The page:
However, use a tool for long enough and closeness breeds contempt as they say. In this vein (and regular readers will know I don't do complimentary very often) and in the spirit of seasonal "Listing programmes" of every style, these would be the top 5 things I'd like to see incorporated into jQuery in the next year.
Documentation - Starting off slowly and easily I'd definitely like to see some better documentation. Ideally I'd like to say that new sublibraries aren't included until their documentation is properly up to scratch. Some areas are very well documented other areas are sketchy at best.
Wait(msecs, callback) - part of the effects sublibrary, we have all kinds of effects to enable objects to slide, fade and animate but we don't have a wait command. What I would give to have a command that you can just append to a sequence of animations and then wait for a period of time before calling another function or stepping to the next instruction.
As you can see from my jQuery Slideshow the common way to do this is to call animate() with the same instruction as your last step with a callback. It's not big or clever but it does the job.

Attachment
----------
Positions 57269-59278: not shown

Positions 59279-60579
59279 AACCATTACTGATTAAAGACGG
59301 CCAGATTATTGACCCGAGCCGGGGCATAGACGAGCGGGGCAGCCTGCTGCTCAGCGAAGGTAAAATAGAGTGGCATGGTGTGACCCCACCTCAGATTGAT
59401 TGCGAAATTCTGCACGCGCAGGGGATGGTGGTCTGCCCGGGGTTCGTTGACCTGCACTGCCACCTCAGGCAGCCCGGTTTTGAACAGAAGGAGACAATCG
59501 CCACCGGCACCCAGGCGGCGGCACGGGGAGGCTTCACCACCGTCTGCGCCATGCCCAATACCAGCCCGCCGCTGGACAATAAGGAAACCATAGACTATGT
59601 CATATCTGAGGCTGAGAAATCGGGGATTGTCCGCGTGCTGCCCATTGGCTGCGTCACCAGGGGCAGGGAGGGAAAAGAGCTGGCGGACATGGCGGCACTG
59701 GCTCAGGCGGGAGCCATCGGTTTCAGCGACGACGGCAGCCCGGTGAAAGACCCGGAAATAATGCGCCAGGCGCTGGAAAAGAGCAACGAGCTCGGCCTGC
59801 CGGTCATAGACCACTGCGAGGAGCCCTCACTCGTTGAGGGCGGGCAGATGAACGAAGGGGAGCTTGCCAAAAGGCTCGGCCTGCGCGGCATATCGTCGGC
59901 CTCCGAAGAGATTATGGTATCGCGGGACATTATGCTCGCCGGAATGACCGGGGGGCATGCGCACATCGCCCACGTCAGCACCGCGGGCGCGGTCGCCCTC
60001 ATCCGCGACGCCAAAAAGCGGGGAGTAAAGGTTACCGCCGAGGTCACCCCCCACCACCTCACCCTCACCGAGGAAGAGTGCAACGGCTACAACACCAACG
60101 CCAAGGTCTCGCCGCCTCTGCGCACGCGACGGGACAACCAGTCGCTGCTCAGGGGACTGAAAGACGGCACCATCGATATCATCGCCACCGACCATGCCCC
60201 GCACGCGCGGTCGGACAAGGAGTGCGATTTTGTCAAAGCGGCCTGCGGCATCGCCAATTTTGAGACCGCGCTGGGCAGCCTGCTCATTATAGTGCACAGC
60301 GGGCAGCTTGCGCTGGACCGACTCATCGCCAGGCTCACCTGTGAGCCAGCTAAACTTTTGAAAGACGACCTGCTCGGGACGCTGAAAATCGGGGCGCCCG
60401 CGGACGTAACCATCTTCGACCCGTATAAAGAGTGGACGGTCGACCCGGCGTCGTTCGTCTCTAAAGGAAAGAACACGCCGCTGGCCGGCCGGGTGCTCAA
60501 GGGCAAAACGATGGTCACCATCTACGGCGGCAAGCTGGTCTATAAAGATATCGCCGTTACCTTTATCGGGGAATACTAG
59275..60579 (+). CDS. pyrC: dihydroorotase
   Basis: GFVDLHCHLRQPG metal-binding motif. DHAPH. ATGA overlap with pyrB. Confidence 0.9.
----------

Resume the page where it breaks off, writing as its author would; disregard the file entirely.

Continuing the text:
fadeToggle(speed) - again part of the effects sublibrary; we have slideToggle which is a great bit of code, call it and the object either slides open or shut depending on it's state. It would be great to have the same thing with fade rather than writing detection code and then calling fadeIn or fadeOut.
State detection - Another worker function would be really useful here to actually determine the state of an object as to whether it is on or off in display terms. I am fully aware I can use document.getElementById(objname).style.display or equally $().css.display() however this will return "none" if it's off, but it could also return "block inline table table-cell list" etc depending on what it is.
Ideally I'd like $().displayState() and it would return "on or off" or indeed true or false as a boolean so it would make display code even easier logic wise.
- Cast to DOM object. One of the best things about jQuery is it's query language. Using elements from the CSS and Xpath specifications pulling objects out of the document is so much easier than using DOM traversal methods.
I fully expect someone to come kick me now telling me I can do some or all of these things and indeed the functions I'm asking for exist aleady however the documentation as mentioned in number 5 is lacking in some areas so it isn't obvious if it is doable.
Obviously this is a little toungue-in-cheek as if I was that worried about these issues I'd write the code myself and submit it to the team for inclusion in the next version. Indeed perhaps that could form the basis of one of my New Year's technology resolutions.
Happy Holidays all.